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Faith: The Sabbath also sets boundary between work, life

“In our own contemporary context of the rat race of anxiety, the celebration of Sabbath is an act of both resistance and alternative. It is resistance because it is a visible insistence that our lives are not defined by the production and consumption of commodity goods.”

~Walter Brueggemann Sabbath as Resistance: Saying No in Culture of Now

In the past couple of weeks, I became aware of the concept termed “quiet quitting.” For those of you who are unfamiliar with it, quiet quitting is a mindset on the part of an employee that they will no longer do work outside the bounds of their responsibilities and the time assigned to accomplish them. As you can see this term is a bit of a misnomer. People aren’t packing their personal effects and quietly leaving their jobs, but rather are setting clear boundaries. They are no longer putting in effort or time for which they will not be appropriately recognized. It is drawing a clear line between their vocation as an employee and the time needed to rest and recharge to ward off burnout.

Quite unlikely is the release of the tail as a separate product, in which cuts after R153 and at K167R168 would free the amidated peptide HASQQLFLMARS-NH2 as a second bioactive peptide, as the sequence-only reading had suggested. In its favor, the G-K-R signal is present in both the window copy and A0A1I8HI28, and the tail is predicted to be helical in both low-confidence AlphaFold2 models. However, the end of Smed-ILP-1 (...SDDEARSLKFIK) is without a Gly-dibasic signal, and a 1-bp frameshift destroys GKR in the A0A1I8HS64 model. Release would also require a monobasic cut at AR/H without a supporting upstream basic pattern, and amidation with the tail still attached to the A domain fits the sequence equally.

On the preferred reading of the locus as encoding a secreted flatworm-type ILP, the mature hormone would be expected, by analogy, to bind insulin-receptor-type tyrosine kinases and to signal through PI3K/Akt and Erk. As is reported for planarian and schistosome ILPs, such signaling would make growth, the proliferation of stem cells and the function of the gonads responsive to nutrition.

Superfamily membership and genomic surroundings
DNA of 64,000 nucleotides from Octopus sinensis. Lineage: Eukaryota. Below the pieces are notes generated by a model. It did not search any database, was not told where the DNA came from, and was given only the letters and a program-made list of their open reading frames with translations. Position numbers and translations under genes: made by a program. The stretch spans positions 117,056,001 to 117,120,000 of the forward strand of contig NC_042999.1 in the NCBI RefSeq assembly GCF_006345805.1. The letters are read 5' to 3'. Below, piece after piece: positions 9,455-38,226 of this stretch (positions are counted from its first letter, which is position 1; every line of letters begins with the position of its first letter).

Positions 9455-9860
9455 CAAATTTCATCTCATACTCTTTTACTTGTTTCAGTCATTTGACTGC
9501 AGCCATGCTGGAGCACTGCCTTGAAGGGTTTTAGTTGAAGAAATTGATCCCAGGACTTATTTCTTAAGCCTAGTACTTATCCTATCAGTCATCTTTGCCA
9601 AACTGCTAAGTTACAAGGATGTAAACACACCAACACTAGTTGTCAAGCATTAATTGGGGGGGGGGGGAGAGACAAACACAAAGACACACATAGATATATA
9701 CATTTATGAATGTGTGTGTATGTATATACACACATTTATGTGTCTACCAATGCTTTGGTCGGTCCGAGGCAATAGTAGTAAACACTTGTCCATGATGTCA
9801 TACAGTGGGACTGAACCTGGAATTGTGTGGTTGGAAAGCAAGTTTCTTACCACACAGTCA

This practice of boundary setting may seem new but it is actually quite similar to the age-old practice of Sabbath. Sabbath today is often thought of as a day set aside for worshipping God, usually on Sunday mornings. This is, of course, a good thing. We ought to gather together. We ought to meet to lift up and encourage one another and to hear God’s words of grace to inspire and strengthen our faith. However, Sabbath is also, at its core, the practice of setting a clear boundary between work and recreation. It is a weekly reminder that we are more than our economic output. Our value is not quantified in dollars.

As Dr. Walter Brueggemann says in the quote above, “[the Sabbath] is a visible insistence that our lives are not defined by the production and consumption of commodity goods.” Sabbath then, properly understood, takes on an added countercultural dimension, an act of resistance that keeps the demons of workaholism and economic anxiety at bay.

Don’t misunderstand me, God is not averse to hard work or busy seasons. A life of faith is not one primarily of leisure. However, we would do well to remember that God rested on the seventh day and so should we. It is vital to quietly (or perhaps not so quietly) quit those systems and practices that don’t bring life, that chew us up and spit us out. We ought to take time to recreate or rather have God re-create us. The God who through Jesus truly defines our worth and gives us life.

Writer Pastor CJ Boettcher is the senior pastor at Zion Lutheran Church, 1000 Washington Ave., Cloquet. Visit him at the church or by calling 218-879-4647.